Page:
The University of Arizona

Methods alter interpretation of treatment impacts on winter-fat shrublands.

A.L. Hild, D.B. Wester


Monitoring shrubland vegetation change is important to rangeland assessment. Methods used to document shrubs vary with the intended use of information and the unit of observation. This study documents different interpretations of winterfat (Ceratoides lanata (Pursh.) J.T. Howell) response to defoliation, grazing history, and community position treatments from 1992 through 1994 when the interpretations were based upon 2 different methods of observation. In some cases, results from observations of individual winterfat plants differed from results that were based on unit-area observations. Individual plants did not reflect the same impacts of grazing history that were found from observing the collective response of plants in 11-m2 plots. Although plant results reflect impacts on individuals, plot results can indicate impacts of shrub canopy on surrounding vegetation as well. Comparisons of studies using different means of observation may lead to conflicting interpretations unless these effects are recognized.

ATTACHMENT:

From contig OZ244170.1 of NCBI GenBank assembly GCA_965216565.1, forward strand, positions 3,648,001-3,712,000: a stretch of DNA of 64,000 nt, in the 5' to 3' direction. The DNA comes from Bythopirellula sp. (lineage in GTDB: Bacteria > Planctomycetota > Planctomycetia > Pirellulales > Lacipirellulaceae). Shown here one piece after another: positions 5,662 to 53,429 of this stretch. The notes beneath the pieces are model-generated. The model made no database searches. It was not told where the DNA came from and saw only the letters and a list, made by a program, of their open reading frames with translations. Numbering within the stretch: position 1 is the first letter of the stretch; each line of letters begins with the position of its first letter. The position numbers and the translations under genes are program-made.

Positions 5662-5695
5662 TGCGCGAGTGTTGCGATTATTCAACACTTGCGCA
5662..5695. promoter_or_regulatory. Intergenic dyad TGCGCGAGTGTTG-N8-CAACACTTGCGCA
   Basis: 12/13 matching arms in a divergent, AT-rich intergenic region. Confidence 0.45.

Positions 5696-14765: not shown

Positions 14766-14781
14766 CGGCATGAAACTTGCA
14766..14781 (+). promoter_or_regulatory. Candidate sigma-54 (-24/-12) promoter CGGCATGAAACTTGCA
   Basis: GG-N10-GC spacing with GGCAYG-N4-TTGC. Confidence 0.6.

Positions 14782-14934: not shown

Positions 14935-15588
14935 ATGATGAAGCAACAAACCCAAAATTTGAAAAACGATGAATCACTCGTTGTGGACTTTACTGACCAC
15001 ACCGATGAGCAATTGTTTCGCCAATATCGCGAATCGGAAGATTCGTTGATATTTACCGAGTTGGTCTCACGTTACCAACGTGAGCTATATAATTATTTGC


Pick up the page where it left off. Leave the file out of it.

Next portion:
volume;Krascheninnikovia lanata;Bouteloua gracilis;grazing intensity;plant communities;plant density;defoliation;canopy;New Mexico

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